It was becoming clear that CAS was having an impact in Canberra. With an eye to the pending 1983 election, McVeigh kept open communication with sport, including the Confederation, mindful that CAS was lobbying for some substantial changes to Government approach to sport policy. For instance, in the run up to the 1983 election McVeigh announced that if re-elected the Coalition would establish a Sports Aid Foundation, an initiative to attract funds from the private sector for sport and championed by CAS. The Foundation concept also found its way into Labor’s sport policy.
In the shadow of the looming election, the government announced an inquiry commencing in October 1982 into youth sport and recreation to be conducted under the auspices of the House of Representatives Standing Committee on Expenditure. The Committee was chaired by National Party MP, Stephen Lusher, and comprised cross Party representation (six Liberal/National, five Labor).
This presented CAS and other sport organisations the perfect opportunity to put forward ideas and recommendations, simultaneously, to both sides of politics prior to the election and help frame the future sport policy debate. The timing was ideal for CAS. This significant Parliamentary enquiry, started under a Coalition government was finalised under Labor government with the Committee chaired by NSW Labor MP, Leo McLeay.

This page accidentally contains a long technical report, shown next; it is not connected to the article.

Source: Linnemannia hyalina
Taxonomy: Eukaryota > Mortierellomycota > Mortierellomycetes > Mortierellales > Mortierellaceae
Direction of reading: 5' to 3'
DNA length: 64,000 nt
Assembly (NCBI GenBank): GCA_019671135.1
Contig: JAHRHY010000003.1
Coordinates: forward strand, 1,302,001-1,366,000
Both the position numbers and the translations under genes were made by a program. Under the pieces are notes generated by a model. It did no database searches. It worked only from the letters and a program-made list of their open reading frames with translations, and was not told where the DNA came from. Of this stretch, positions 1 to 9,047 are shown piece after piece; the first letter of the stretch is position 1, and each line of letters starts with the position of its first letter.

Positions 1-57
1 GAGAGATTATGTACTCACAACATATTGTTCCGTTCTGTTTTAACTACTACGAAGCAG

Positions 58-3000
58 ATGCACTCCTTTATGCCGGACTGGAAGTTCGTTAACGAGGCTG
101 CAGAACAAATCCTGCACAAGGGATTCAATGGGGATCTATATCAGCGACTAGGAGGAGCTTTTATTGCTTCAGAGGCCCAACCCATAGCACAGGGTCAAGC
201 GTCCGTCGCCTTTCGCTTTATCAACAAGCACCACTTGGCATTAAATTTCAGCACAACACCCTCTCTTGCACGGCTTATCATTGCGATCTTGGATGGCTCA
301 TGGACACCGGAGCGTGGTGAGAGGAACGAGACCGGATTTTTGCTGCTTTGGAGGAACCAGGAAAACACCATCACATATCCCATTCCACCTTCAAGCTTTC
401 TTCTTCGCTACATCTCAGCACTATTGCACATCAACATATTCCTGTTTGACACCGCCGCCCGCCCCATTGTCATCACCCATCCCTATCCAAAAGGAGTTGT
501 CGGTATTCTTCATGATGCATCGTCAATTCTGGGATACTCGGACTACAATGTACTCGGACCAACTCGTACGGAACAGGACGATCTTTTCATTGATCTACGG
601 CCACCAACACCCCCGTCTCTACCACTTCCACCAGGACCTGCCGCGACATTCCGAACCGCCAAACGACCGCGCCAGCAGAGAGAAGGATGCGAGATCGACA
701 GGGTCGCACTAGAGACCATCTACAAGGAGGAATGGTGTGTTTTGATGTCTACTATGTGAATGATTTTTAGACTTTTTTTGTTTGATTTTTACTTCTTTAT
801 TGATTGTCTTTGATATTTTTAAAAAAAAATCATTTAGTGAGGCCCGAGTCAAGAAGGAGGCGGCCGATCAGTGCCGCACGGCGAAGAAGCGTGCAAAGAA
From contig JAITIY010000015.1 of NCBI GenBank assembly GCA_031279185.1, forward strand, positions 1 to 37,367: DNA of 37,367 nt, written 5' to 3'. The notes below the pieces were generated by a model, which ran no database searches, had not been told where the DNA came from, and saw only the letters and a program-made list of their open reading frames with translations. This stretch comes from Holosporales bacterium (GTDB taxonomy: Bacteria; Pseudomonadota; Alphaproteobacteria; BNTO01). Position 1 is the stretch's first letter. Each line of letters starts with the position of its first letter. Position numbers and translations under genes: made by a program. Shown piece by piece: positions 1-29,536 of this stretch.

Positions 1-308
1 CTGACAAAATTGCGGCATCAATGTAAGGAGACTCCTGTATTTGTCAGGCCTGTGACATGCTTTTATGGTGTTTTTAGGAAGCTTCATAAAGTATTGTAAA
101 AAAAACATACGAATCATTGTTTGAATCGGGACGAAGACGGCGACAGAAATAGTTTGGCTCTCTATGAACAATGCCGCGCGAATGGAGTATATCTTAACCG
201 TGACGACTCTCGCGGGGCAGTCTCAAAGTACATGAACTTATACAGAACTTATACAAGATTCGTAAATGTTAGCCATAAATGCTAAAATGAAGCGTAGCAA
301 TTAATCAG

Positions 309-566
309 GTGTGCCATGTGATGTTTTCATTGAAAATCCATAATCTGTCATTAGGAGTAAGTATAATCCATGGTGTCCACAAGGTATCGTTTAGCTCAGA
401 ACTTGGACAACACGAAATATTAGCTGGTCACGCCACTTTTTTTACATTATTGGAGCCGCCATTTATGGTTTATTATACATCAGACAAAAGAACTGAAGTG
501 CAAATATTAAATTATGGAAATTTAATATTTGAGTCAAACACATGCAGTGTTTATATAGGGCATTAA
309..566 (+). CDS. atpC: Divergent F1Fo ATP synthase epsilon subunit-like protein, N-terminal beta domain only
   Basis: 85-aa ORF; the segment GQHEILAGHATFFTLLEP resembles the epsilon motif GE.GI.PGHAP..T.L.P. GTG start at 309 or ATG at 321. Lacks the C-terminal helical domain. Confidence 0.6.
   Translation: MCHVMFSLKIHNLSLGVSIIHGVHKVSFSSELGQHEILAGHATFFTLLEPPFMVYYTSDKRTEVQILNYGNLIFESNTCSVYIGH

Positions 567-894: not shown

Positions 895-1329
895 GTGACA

The 1983 election brought in a change in government and would introduce a watershed period in Australian sport.
- Confederation of Australian Sport. The master plan for sport, March 1980. Melbourne. The Confederation, 1980.
Greg Hartung AO brings great knowledge and experience to the development of sport in Australia. He was a sport & political journalist, Member of the Interim Committee of the Australian Sports Commission (1983-1984), inaugural CEO Australian Sports Commission (1983-1988), Commissioner of the Australian Sports Commission (1991-1996), 2006-2010), Chair of the Australian Sports Commission (2008-2010), President of the Confederation of Australian Sport (1989-1995) and Australian Paralympic Committee (1997-2013) and Vice President of the International Paralympic Committee (2009-2013) and Adjunct Professor, University of Canberra (2014-)